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TSX to open higher amid unease on Spain rescue, major deal for Bombardier

The former Toronto Stock Exchange home in Toronto, August 18 2011. THE CANADIAN PRESS/Aaron Vincent Elkaim

TORONTO - The Toronto stock market was set to open slightly higher Tuesday amid lower commodity prices and a major deal for transportation giant Bombardier Inc. (TSX:BBD.B).

One of Warren Buffett’s companies, NetJets Inc., has signed a deal to buy up to 275 Bombardier Challenger business jets that could be worth up to US$7.3 billion. Bombardier said it has also signed a 15-year service and maintenance agreement for the aircraft, worth as much as an additional US$2.3 billion if all options are exercised.

The Canadian dollar was up 0.3 of a cent to 97.27 cents US despite misgivings about the effectiveness of a planned bailout for Spain's banks.

U.S. futures were positive with the Dow Jones industrial futures ahead 39 points at 12,349, the Nasdaq futures up 5.5 points at 2,515.5 and the S&P 500 futures 1.9 points higher at 1,302.2.

Stocks, the loonie and oil prices all registered sharp declines Monday following a weekend deal to make €100 billion available to Spain to revive banks crushed by bad real estate loans. But traders worry the money will just add to the Spanish government’s already considerable debts and perhaps force it to seek its own sovereign bailout.

As a sign of investor wariness of Spain, the yield on its 10-year benchmark bond shot up. It was still climbing Wednesday, up 0.14 of a point at 6.65 per cent and dangerously close to the seven per cent yield that has forced other countries to seek rescue loans. Italy’s yields were also rising.

There is also nervousness ahead of Sunday’s election in Greece. The worry is that a left-wing party that advocates tearing up the country’s bailout agreement will be the big winner. If that happens, Greece could end up leaving the eurozone with unpredictable consequences for other debt-laden eurozone countries such as Italy.

Oil prices were down for a fourth session as traders also closely watched a quarterly meeting of the Organization of Petroleum Exporting Countries on Thursday. Some members of the cartel have suggested recently that OPEC is producing too much crude and the group could decide to cut supplies to help boost prices. The July crude contract on the New York Mercantile Exchange dropped 27 cents to US$82.43 a barrel.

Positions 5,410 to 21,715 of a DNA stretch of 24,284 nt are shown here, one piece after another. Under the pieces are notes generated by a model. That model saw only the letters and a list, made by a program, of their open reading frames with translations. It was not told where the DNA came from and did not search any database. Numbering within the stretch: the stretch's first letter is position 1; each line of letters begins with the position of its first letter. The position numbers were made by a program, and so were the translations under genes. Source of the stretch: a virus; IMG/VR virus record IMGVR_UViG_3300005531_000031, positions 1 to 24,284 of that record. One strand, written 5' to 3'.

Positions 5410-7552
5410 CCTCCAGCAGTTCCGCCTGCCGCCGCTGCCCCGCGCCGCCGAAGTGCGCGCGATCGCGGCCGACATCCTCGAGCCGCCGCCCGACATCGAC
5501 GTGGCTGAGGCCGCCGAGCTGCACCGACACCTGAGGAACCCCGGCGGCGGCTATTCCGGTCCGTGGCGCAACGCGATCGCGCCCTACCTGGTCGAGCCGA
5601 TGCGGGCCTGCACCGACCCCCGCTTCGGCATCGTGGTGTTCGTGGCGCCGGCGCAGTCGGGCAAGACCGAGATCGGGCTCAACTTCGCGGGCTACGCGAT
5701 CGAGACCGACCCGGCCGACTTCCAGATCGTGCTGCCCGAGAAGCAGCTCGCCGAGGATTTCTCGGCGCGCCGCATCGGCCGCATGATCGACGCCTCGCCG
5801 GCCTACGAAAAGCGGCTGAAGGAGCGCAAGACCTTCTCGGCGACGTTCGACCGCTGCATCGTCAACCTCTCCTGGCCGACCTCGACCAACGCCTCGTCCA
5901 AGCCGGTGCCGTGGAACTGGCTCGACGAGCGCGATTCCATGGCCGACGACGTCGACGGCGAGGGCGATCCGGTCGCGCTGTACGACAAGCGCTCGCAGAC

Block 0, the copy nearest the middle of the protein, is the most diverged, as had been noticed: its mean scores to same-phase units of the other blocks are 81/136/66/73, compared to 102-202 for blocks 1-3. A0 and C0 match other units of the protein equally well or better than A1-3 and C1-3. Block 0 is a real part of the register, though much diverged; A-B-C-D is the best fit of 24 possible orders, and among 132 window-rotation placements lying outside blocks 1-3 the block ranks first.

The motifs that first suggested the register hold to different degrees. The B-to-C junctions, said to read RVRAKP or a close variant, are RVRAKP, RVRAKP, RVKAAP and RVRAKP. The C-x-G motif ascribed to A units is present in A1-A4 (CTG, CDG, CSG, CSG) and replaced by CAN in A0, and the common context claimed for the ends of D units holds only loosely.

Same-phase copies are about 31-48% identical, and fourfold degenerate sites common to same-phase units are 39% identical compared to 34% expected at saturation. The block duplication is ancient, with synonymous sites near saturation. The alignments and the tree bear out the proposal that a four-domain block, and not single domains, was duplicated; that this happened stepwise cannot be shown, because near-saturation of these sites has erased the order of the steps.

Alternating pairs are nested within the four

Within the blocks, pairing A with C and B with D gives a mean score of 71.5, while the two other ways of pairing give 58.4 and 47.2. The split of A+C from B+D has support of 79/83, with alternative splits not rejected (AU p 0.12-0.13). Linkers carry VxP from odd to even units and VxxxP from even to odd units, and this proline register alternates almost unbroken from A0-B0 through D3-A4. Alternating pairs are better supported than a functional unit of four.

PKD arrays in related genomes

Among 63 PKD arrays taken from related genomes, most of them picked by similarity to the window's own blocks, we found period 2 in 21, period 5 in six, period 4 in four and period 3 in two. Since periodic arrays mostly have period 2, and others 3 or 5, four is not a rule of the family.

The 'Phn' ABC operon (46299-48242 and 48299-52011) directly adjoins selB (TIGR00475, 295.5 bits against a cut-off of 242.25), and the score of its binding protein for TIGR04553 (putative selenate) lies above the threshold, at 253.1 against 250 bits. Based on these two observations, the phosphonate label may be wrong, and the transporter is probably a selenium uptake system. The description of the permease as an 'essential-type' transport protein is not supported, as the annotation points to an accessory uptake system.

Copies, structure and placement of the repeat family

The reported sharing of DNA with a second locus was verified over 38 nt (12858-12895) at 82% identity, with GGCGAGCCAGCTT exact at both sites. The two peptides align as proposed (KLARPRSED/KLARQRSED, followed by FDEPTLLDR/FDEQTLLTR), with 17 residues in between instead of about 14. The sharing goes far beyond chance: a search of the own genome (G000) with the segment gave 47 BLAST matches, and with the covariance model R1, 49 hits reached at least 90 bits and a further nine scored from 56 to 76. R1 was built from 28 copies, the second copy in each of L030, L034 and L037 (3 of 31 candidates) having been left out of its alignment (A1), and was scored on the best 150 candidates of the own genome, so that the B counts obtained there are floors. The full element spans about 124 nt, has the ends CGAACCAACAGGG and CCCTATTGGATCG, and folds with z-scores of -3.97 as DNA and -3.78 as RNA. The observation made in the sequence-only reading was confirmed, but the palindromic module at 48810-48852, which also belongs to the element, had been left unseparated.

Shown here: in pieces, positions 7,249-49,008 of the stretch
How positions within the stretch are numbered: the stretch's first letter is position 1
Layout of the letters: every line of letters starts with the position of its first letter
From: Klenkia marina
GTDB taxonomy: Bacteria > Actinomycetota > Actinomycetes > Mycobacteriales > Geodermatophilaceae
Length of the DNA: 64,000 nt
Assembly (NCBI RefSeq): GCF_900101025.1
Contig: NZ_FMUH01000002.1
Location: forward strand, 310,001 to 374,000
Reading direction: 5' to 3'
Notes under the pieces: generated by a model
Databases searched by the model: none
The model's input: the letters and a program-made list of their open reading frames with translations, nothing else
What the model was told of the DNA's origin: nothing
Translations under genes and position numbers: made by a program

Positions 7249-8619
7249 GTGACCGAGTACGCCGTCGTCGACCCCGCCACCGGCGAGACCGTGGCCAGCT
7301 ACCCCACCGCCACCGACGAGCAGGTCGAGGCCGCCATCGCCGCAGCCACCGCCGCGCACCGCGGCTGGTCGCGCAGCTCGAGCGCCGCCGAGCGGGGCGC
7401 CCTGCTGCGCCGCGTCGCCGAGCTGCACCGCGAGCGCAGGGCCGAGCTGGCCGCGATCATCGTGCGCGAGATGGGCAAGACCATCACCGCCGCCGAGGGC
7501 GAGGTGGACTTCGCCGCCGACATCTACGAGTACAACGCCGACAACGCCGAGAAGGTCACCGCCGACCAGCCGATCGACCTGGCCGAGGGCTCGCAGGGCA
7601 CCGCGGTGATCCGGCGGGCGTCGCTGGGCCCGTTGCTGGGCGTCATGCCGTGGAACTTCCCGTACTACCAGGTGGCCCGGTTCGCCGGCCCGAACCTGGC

July copper edged a penny lower to US$3.34 a pound while August gold dropped $7.10 to US$1,589.70 an ounce.

European bourses advanced with London's FTSE 100 index ahead 0.34 per cent, Frankfurt's DAX gaining 0.39 per cent and the Paris CAC 40 up 0.1 per cent.

Earlier in the day, Asian markets responded to the gloom that had settled over Europe and the U.S. late Monday.

Japan’s Nikkei 225 index lost one per cent, South Korea’s Kospi dropped 0.7 per cent and Hong Kong’s Hang Seng was 0.4 per cent lower.

Mainland Chinese shares also lost ground, with the benchmark Shanghai Composite Index shedding 0.5 per cent and the Shenzhen Composite Index losing 0.4 per cent.

In other corporate news, Warren Buffett’s Berkshire Hathaway Inc. is offering to buy the mortgage division and loan portfolio of Residential Capital LLC. Residential Capital, also known as ResCap, is a subsidiary of Ally Financial Inc., the former auto lending arm of General Motors. ResCap, hobbled by soured mortgage loans, filed for bankruptcy protection in May.

Canadian Pacific Railway’s (TSX:CP) David Raisbeck will step down as a member of its board of directors, reducing the number of directors at the company who were appointed before a proxy battle and subsequent boardroom shakeup. His resignation comes just weeks after New York-based Pershing Square Capital Management, CP’s biggest shareholder, succeeded in its months-long battle to oust Fred Green as CEO.

Ivernia Inc. (TSX:IVW) is withdrawing from the Prairie Downs base metals project in Western Australia. Ivernia says a review of geological data shows the project’s potential does not justify exercising a purchase option under its earn-in agreement with Prairie Downs Metals Ltd.

News from © The Canadian Press, 2012
The Canadian Press

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